Gentrification predicted by social media

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flickr photo by x6e38 shared under a Creative Commons (BY) license

Gentrification – the process by which a deprived area becomes affluent – can be predicted by data from location-specific social media networks.

The University of Cambridge researchers used data from location-specific social media networks, such as Facebook Places and Foursquare, to show that the process of poor to posh can be identified when high levels of both deprivation and social diversity are seen to develop in an area.

Check ins

Predicting gentrification uses data analysis of social media check-ins which reveal behaviours derived from the particular places that people go.

37,000 users and 42,000 venues in London were used to build a network of Foursquare places and Twitter visitors, totalling half a million check-ins over a ten-month period.

Researchers quantified the social diversity of various areas by distinguishing between places that:

  • brought together strangers v those that brought together friends
  • attracted diverse individuals as opposed to those attracting ‘regulars’

The data was then correlated with London wellbeing indicators, such as lower crime rates and rising house prices.

Lead researcher Desislava Hristova:

“We’re looking at the social roles and properties of places. We found that the most socially cohesive and homogenous areas tend to be either very wealthy or very poor, but neighbourhoods with both high social diversity and high deprivation are the ones which are currently undergoing processes of gentrification.”

In order to measure the social diversity of a given place or neighbourhood, the researchers defined four distinct measures:

  • brokerage: ability of a place to connect people who are otherwise disconnected
  • serendipity: how a place can induce chance encounters between visitors
  • entropy: extent to which a place is diverse in respect of its visitors
  • homogeneity: extent to which visitors to a place are homogenous in characteristics

In ‘places’, researchers found that particular venues attracted friends where others attracted strangers. Friends are more likely to meet at a fried chicken restaurant, a B&B, a football match or a strip club, whereas strangers frequented dumpling restaurants, motels, art museums or gay bars.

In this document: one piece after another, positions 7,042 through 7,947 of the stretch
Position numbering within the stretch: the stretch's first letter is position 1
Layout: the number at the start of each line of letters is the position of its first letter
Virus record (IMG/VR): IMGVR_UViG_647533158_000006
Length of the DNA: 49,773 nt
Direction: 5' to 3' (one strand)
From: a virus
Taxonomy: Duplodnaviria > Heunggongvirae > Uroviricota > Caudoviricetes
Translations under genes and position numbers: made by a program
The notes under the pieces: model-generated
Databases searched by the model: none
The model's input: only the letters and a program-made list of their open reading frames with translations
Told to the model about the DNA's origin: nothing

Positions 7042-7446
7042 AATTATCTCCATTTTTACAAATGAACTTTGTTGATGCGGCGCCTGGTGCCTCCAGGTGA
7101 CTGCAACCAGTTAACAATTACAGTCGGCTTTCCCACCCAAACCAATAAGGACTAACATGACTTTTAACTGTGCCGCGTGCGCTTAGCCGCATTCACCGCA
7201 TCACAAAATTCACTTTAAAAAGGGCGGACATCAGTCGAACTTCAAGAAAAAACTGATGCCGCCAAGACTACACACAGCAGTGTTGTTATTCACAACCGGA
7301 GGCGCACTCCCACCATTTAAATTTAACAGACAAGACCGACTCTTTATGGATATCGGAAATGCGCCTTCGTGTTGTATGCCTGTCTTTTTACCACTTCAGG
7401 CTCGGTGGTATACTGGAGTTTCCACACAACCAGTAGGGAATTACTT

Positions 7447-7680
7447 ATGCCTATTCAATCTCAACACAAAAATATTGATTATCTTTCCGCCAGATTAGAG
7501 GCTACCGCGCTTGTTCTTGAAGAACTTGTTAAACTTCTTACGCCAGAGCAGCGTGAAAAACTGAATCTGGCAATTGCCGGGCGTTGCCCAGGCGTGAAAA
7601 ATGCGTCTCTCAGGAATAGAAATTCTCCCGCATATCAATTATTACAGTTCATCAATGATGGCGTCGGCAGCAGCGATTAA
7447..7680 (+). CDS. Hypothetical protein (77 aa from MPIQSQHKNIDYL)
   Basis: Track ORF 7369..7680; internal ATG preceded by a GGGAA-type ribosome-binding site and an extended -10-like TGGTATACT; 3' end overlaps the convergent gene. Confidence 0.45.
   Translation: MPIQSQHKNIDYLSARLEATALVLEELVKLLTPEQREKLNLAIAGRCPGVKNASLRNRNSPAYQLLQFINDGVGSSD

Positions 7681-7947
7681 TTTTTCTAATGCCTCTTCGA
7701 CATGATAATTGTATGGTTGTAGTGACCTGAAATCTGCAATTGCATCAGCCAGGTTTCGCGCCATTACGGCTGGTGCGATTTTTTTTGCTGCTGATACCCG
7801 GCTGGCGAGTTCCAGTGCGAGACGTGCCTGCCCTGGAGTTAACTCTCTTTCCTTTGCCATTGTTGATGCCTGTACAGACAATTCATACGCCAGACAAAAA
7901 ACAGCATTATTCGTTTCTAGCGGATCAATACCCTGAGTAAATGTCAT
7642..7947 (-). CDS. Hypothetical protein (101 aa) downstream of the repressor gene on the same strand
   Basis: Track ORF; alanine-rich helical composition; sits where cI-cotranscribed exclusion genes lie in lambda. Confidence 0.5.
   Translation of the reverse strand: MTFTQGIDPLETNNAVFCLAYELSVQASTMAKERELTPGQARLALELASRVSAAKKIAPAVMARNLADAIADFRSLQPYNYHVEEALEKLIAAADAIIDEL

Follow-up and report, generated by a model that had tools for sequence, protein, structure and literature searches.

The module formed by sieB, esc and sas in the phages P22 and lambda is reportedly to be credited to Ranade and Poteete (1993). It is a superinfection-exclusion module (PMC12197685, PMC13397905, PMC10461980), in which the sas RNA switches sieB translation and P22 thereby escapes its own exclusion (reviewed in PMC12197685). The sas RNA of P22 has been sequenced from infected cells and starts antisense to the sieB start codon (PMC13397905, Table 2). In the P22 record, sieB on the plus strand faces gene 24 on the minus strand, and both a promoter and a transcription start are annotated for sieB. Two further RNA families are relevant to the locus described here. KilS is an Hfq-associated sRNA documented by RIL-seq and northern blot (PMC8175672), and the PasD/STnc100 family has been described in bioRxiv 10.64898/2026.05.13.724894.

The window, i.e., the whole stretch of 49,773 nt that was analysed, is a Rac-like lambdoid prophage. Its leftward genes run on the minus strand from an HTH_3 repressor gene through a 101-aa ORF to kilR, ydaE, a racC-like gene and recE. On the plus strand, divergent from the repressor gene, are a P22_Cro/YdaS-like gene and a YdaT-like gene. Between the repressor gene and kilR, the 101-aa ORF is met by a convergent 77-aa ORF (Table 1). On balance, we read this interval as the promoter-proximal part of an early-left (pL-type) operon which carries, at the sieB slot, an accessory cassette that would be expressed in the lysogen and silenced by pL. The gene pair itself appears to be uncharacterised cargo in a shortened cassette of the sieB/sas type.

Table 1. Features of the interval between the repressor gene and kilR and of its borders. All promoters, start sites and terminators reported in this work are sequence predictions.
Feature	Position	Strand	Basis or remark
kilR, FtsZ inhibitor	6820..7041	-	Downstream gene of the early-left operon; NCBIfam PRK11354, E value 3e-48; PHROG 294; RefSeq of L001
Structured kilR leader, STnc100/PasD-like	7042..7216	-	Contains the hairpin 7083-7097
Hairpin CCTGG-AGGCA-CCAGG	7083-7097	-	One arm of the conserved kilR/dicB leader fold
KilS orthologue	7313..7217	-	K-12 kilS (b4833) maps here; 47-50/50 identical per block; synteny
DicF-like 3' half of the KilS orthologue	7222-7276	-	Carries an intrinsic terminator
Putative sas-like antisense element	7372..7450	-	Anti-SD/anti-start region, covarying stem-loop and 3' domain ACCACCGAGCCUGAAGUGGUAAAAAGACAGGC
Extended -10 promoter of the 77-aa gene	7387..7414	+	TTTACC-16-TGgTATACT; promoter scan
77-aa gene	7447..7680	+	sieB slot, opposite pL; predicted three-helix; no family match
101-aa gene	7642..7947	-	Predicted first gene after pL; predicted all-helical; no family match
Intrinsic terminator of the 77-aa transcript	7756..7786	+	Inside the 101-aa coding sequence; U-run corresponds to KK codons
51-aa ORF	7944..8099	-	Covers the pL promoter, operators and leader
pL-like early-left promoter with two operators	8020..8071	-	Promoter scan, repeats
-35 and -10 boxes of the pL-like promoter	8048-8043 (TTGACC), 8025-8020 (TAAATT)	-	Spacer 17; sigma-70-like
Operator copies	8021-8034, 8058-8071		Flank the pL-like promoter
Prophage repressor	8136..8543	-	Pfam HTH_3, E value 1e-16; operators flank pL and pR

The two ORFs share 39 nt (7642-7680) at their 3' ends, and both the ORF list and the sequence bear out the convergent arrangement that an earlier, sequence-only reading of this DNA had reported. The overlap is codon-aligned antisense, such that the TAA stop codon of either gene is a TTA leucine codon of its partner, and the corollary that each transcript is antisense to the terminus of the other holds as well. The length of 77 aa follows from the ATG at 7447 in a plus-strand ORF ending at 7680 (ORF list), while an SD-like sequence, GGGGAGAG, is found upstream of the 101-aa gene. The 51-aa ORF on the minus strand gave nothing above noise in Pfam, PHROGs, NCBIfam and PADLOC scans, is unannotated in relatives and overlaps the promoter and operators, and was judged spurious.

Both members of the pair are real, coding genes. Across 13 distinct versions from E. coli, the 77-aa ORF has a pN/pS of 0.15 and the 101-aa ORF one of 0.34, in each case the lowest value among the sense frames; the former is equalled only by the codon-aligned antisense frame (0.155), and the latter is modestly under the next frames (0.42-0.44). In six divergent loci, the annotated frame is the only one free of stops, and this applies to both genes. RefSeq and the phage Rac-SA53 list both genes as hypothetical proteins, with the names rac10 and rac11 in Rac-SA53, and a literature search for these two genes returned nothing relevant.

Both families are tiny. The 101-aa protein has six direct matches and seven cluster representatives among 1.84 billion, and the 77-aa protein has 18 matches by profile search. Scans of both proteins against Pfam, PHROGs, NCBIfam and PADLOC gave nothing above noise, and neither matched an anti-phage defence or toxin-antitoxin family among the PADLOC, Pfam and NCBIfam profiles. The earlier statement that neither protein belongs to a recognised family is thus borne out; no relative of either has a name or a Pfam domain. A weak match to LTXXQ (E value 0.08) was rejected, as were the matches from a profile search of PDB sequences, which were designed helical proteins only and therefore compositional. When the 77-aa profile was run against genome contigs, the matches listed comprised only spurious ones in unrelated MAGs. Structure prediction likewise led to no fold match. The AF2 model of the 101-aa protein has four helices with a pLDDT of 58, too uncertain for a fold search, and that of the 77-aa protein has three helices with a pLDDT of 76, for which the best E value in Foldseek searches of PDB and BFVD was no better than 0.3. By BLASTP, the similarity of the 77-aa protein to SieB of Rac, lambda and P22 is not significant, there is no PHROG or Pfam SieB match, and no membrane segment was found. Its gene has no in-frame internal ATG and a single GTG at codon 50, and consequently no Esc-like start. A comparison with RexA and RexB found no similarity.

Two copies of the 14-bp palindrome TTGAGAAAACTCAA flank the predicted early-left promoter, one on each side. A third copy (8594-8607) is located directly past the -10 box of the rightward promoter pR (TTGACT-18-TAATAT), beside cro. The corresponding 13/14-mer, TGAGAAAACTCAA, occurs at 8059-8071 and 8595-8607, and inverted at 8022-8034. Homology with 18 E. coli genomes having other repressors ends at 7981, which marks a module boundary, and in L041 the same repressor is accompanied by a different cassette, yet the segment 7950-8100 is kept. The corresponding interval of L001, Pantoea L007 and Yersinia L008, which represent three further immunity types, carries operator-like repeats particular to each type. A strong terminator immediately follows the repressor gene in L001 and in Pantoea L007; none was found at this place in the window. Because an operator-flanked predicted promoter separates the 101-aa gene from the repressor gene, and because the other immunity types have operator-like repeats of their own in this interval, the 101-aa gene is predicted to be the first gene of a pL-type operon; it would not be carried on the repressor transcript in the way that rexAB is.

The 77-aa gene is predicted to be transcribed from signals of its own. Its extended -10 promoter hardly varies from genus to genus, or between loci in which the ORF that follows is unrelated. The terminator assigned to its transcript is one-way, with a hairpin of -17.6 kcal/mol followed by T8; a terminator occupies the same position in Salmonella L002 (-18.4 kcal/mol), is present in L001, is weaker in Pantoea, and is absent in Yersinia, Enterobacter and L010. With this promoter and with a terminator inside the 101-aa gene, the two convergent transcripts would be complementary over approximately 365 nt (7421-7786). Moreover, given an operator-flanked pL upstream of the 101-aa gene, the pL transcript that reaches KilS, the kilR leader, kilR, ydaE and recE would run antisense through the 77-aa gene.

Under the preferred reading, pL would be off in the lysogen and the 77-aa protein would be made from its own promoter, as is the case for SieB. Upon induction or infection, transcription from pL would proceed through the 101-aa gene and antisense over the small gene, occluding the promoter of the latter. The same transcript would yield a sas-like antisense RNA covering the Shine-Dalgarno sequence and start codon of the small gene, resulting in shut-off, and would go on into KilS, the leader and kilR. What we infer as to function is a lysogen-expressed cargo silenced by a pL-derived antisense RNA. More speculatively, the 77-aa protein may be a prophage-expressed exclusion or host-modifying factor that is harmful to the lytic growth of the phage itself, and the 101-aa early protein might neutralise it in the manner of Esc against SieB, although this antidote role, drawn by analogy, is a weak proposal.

Notes
Desislava Hristova et al. ‘Measuring Urban Social Diversity Using Interconnected Geo-Social Networks.’ http://www2016.ca/program-at-a-glance.html.

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Gentrification predicted by social media data

3439873267_95de459de1_z

flickr photo by x6e38 shared under a Creative Commons (BY) license

Gentrification – the process by which a deprived area becomes affluent – can be predicted by data from location-specific social media networks.

The Cambridge University study took data from location-specific social media networks, such as Facebook places and Foursquare, to show that the ‘poor to posh’ process can be identified when high levels of deprivation and social diversity are seen to develop in an area.

Data crunch

Predicting gentrification is more than a spike of social media users tweeting about Radio 4 programmes. It is data analysis of social media check-ins which reveal behaviours derived from the particular places that people go.

37,000 users and 42,000 venues in London were used to build a network of Foursquare places and Twitter visitors, totalling half a million check-ins over a ten-month period.

Researchers quantified the social diversity of various areas by distinguishing between places that:

  • brought together strangers versus those brought together friends
  • attracted diverse individuals as opposed to those attracting ‘regulars’

Continue reading

Size Matters: Social Disadvantage, Stress and Chromosomes

Telomere

 

The length of a telomere – a region of repetitive DNA found at the end of a chromosome  – can be up to 19% shorter in children from deprived backgrounds, according to new research conducted by Princeton University, US.

The findings, published in the journal for Proceedings of the National Academy of Sciences, link social environment with health suggesting that disadvantaged backgrounds affect life at a chromosomal level. Continue reading